Plan to fix flooding down drain for now

Motorists drive through a flooded section of the Crosstown Expressway on a rainy December day in Charleston. The city had requested $146.3 million in federal funds to pay for a drainage system that would alleviate downtown flooding. It will get only $10 m

ALAN HAWES

Charleston's hopes that federal stimulus funds would pay for a massive downtown drainage system were dashed Wednesday, making it unclear when the West Side residents and motorists who use the Crosstown Expressway will get long-sought relief from flooding.

The city had requested $146.3 million from the U.S. Department of Transportation, amounting to nearly 10 percent of the funding nationwide for the Transportation Investment Generating Economic Recovery program.

Instead of $146.3 million, the city will get $10 million to improve the expressway, which is part of U.S. Highway 17.

Charleston Mayor Joe Riley decided to look at the bright side Wednesday, saying he was "enormously pleased" with the grant award. Riley noted that the city will be one of only two grant recipients in the state.

"The fact is, there were over 1,400 applications for funding and 51 were funded," Riley said. "With that kind of competition, looking at it now, getting the whole grant funded was not a reasonable expectation."

"These 10 million dollars will open additional doors and future opportunities to obtaining all of the funding necessary," he said.

While Riley is hopeful that federal money will eventually pay for the 130-foot-deep tunnels and huge pumps needed to drain the 500-acre flood-prone area around the Crosstown Expressway, the current lack of funding makes it unclear when the work might happen.

The city already has spent more than $7 million on design and engineering work for the drainage project and was prepared to go out for bids next year, had the requested federal grant come through.

Riley said the flooding during heavy rains is largely due to the expressway itself, which was built in the 1960s, much of it on top of filled-in creek beds. He has taken the position that the federal government should be responsible for funding the drainage improvements, and said the $10 million grant award means that the federal government agrees.

"The reason it is so heartening is, it is a substantial federal acknowledgement of the federal responsibility for the Crosstown," Riley said. "Clearly, we won that argument, that this isn't a city drainage matter, but a federal responsibility."

A spokeswoman for the U.S. Department of Transportation didn't share the mayor's point of view.

"We are not saying that," Cathy St. Denis said. "We are just saying that this grant met all criteria."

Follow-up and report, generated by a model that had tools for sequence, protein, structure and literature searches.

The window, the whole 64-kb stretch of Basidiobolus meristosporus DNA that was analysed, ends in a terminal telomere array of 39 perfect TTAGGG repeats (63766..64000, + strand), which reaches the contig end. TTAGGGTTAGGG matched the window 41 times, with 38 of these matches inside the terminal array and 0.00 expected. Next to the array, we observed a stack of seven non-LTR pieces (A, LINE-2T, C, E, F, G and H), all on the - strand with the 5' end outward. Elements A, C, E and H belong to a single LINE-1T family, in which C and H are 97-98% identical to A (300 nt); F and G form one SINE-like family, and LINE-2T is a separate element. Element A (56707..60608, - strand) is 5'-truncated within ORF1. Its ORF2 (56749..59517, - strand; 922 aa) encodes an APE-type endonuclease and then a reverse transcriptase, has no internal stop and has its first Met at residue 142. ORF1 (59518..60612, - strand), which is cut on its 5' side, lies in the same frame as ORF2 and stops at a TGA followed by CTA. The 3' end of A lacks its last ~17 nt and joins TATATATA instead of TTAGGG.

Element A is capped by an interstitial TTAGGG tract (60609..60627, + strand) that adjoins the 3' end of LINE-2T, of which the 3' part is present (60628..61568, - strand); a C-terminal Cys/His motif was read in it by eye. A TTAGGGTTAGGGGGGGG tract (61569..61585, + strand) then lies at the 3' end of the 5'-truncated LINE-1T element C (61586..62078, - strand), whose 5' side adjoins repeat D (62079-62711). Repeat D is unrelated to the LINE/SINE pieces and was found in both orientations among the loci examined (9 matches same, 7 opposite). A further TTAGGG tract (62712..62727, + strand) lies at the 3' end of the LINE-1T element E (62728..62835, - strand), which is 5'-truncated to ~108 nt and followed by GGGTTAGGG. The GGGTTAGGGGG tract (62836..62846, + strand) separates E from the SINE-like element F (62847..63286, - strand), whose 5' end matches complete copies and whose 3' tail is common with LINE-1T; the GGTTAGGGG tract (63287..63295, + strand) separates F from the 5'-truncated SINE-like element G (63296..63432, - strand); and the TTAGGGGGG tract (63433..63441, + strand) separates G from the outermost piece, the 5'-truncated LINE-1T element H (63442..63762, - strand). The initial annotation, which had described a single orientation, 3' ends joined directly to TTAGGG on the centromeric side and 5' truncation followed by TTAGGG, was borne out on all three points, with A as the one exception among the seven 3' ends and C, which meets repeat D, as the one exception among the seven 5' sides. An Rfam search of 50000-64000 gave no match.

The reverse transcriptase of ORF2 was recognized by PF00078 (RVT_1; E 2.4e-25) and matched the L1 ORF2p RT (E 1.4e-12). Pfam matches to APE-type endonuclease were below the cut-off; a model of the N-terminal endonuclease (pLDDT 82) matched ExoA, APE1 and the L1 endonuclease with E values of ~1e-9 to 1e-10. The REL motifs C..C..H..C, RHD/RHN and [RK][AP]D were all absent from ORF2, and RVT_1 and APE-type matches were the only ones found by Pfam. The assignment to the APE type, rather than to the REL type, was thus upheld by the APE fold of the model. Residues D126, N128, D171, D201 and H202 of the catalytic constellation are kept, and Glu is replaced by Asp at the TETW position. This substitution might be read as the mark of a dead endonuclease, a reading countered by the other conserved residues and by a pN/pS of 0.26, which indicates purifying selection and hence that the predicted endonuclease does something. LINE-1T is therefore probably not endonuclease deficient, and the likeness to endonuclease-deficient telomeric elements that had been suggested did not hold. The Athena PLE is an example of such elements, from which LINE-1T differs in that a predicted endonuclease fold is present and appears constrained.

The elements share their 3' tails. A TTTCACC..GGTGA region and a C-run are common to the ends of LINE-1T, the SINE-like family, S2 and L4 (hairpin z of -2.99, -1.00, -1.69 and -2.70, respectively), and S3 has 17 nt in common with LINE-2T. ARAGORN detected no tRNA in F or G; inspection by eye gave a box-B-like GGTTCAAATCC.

The city plans to meet with federal officials in the coming weeks to clarify how the $10 million can be spent. The master plan for drainage improvements includes a redesign of the Crosstown Expressway to transform it into what the city calls the Septima Clark Parkway, with improved intersections, landscaping, and pedestrian and bicycle paths.

"The full $10 million will go for road construction, not the flood control portion," St. Denis said.

The city had sought to convince federal officials that the drainage project was crucial, and of national interest, because flooding in the area blocks the only federal highway across the peninsula. The Crosstown is a key hurricane evacuation route and the route to the Ralph H. Johnson VA Medical Center and the Medical University of South Carolina, which is the state's only Level One Trauma Center.

The price tag on Charleston's drainage plan is large because it involves creating a system of huge shafts and tunnels, 12 feet in diameter and deep below ground, that would be linked to a trio of massive pumps that could send 361,000 gallons of water per minute into the Ashley River.

Those pumps would drain floodwaters from about 20 percent of the Charleston peninsula, from the Ashley River to King Street, and from Hampton Park to MUSC.

Charleston Councilman William Dudley Gregorie represents most of the area the improvements would help.

"I think any amount of funding is good news," he said.

The city has spent about $40 million during the past two decades to address flooding problems, but the Crosstown Expressway area involves a much larger effort.

The price tag is roughly equal to the city's annual budget.

"We're just going to keep pushing until we get the funding," Riley said. "I am confident we will get it, and I will not rest until we do."

The other grant award in South Carolina, also for $10 million, was for the Interstate 73 project aimed at creating a new highway to Myrtle Beach from Interstate 95.

The money will go toward the cost of building a new interchange in Dillon County but is a small fraction of the $360 million requested.

There were 19 applications for projects around the state, worth nearly $1.3 billion. Charleston County had sought $40 million for improvements to Johnnie Dodds Boulevard, for example, but received no funding.

Charleston County Deputy Administrator Kurt Taylor said the lack of a grant won't delay improvements on Johnnie Dodds, from the Cooper River to Interstate 526, but it means local funding from the half-cent sales tax will be used.

"We will keep looking for federal money," he said. "Otherwise it will be paid for through the transportation sales tax."

Nationwide, much of the $1.5 billion in grant awards were for freight-rail improvements, light-rail projects and highway improvements.